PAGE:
Eric Gibbs and Dr. Branton Campbell, Physics
This project focuses on solving magnetic crystal structures using symmetry-mode analysis (SMA). A crystal is an arrangement of atoms in a repeating spatial pattern with the smallest repeating unit being known as the unit cell. A magnetic crystal contains atoms with a non-zero magnetic moment. A magnetic crystal’s unit cell repeats both the atomic and magnetic structure of the crystal. Neutron diffraction is a common method for studying magnetic crystals as the diffraction pattern can be used to determine the arrangement of atoms and magnetic moments within the unit cell.
Structure solution uses a diffraction pattern to determine how the unit cell is arranged. One major hurdle is that the unit cell is often complex and describing the positions of each unique atom requires more information than is often available in a diffraction pattern. To reduce the number of free parameters, symmetries within the crystal are used to tie otherwise independent parameters together. Along with the translational repetitions, crystals often contain other symmetries within the unit cell, such as mirror planes or rotation axes. Symmetry principles can be applied to magnetic structures as well, though one must be cautious as to how the magnetic moment, a pseudo-vector, transforms when a symmetry operator is applied.
Symmetry-modes are a group-theory motivated basis that uses the symmetries of a crystal to describe a structure in terms of how it has distorted from a high-symmetry parent structure. All of the parameters available within the symmetry of the distorted structure can be expressed as symmetry-modes, including the completely general set of parameters that result from no symmetry other than lattice translations being assumed (P1 symmetry). The symmetry-mode description is generated using Harold Stokes’ ISODISTORT software. Though SMA does not reduce the number of parameters, it does reduce the number of non-zero, or active, parameters. Thus the problem of structure solution can be simplified into two parts: Finding the active modes in the structure, and then refining these modes.
SMA has been used with success to determine both nuclear crystal structures, and magnetic structures with distortions that affect a single point in k-space, or single-k distortions. Our proposal was to generate a general method to analyze all magnetic structures, including multi-k structures.
La0.5Ca0.5MnO3 (LCMO) was chosen to test the abilities of magnetic SMA due to its multi-k low-temperature magnetic structure. We collected neutron diffraction data for LCMO at the POWGEN beam line at the Spallation Neutron Source in Oak Ridge, Tennessee. TOPAS academic was used to refine our structural model against the collected data. Data was analyzed using two previously developed techniques. The histogram approach requires the refined values each symmetry-mode available to the structure from about a thousand convergences. A histogram is made for each mode reflecting the most probable value of the mode on convergence. Modes that are centered about zero tend to be inactive while modes that converge on non-zero values tend to be active in the final structure. This gives a rough starting point. Modes are then included one at a time and then excluded one at a time from the structure and their impact is measured. After several rounds of including and excluding modes, one reaches a handful of active modes. These modes are then refined to give the final structure.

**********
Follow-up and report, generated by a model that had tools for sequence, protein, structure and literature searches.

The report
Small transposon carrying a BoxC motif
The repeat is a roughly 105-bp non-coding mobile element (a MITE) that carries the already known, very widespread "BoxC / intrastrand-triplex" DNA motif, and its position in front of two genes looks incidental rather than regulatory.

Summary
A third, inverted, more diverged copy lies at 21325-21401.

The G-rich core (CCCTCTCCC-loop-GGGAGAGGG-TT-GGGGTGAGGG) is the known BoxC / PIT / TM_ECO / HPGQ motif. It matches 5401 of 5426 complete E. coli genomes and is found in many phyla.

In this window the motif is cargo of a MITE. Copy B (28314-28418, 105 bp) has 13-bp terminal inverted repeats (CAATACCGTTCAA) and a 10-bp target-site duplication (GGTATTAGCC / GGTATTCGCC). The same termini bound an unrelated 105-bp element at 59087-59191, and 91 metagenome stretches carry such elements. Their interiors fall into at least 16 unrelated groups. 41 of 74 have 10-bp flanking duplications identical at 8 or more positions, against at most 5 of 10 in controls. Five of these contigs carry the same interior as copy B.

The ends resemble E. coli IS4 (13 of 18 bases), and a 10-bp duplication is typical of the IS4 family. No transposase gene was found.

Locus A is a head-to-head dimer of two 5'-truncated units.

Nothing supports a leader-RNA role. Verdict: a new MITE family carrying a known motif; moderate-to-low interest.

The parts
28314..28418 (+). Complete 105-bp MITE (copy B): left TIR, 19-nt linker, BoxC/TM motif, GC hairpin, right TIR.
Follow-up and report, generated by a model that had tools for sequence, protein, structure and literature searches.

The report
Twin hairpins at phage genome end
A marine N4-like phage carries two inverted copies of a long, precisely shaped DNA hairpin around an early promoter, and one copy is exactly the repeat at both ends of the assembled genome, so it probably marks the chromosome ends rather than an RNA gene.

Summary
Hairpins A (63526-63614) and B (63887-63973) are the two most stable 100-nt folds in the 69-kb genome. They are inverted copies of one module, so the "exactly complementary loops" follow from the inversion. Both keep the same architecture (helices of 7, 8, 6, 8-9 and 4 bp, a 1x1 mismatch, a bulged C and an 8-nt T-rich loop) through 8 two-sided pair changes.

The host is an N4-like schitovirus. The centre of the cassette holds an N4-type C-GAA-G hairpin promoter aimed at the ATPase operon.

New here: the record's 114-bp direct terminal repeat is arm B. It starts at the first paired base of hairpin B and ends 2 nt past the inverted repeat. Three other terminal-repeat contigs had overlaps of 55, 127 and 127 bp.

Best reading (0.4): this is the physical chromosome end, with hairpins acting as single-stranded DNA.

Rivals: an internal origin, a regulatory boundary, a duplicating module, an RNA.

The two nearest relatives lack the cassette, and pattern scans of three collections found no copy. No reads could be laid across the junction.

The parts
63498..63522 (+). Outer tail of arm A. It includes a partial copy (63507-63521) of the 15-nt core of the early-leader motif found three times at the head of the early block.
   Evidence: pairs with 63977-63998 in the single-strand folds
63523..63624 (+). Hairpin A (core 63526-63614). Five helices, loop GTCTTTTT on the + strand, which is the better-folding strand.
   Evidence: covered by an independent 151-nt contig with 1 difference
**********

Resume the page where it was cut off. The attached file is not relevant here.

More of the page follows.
Using the modes available within the previously published nuclear symmetry we were able to determine a nuclear structure very similar to previous models with a few additional structural details previously unnoticed. Once we had a good handle on the nuclear structure we then removed all symmetry constraints in order to detect the magnetic structure of LCMO a priori. The experimentally determined distortion has 16 Mn atoms and thus 48 independent parameters. Histograms of each of the 48 parameters were used to get an original set of active symmetry modes. Inclusion and exclusion runs were then used to refine this set. Due to the pseudo-symmetries of LCMO, there were several possible structures that could not be distinguished by diffraction. Most structures led to significant drops in symmetry, and not wanting to add unjustified complexity the highest symmetry resulting in a “best-fit” was detected as the LCMO’s symmetry. Working in this symmetry there were once again multiple best-fit structures. However, most of these models could be eliminated as unphysical. One model seemed more physical than the rest and was determined to be the final structure of LCMO.
Discussion and Conclusions:
Ideally symmetry is detected from data before being used to simplify the structure, however often for lack of alternative symmetry is assumed, biasing the structure solution process. Using SMA we were able to start with no symmetry assumptions and using histograms and inclusion/exclusion runs were able to detect the symmetry of the structure. Unfortunately this structure has many pseudo-symmetries, which results in several structures can give a near optimal fit to the diffraction data. SMA was however able to detect all of these potential structures. Physical reasoning led us to the final LCMO structure.
SMA greatly simplifies the process of structure solution. In the past, SMA has been used to determine nuclear structures and has been used in a limited fashion to determine magnetic structures, but this is the first body of work that has determined a multi-k magnetic structure a priori, opening a new frontier for structure solution by diffraction. We are in the process of publishing a precise description of our work for a major crystallographic journal.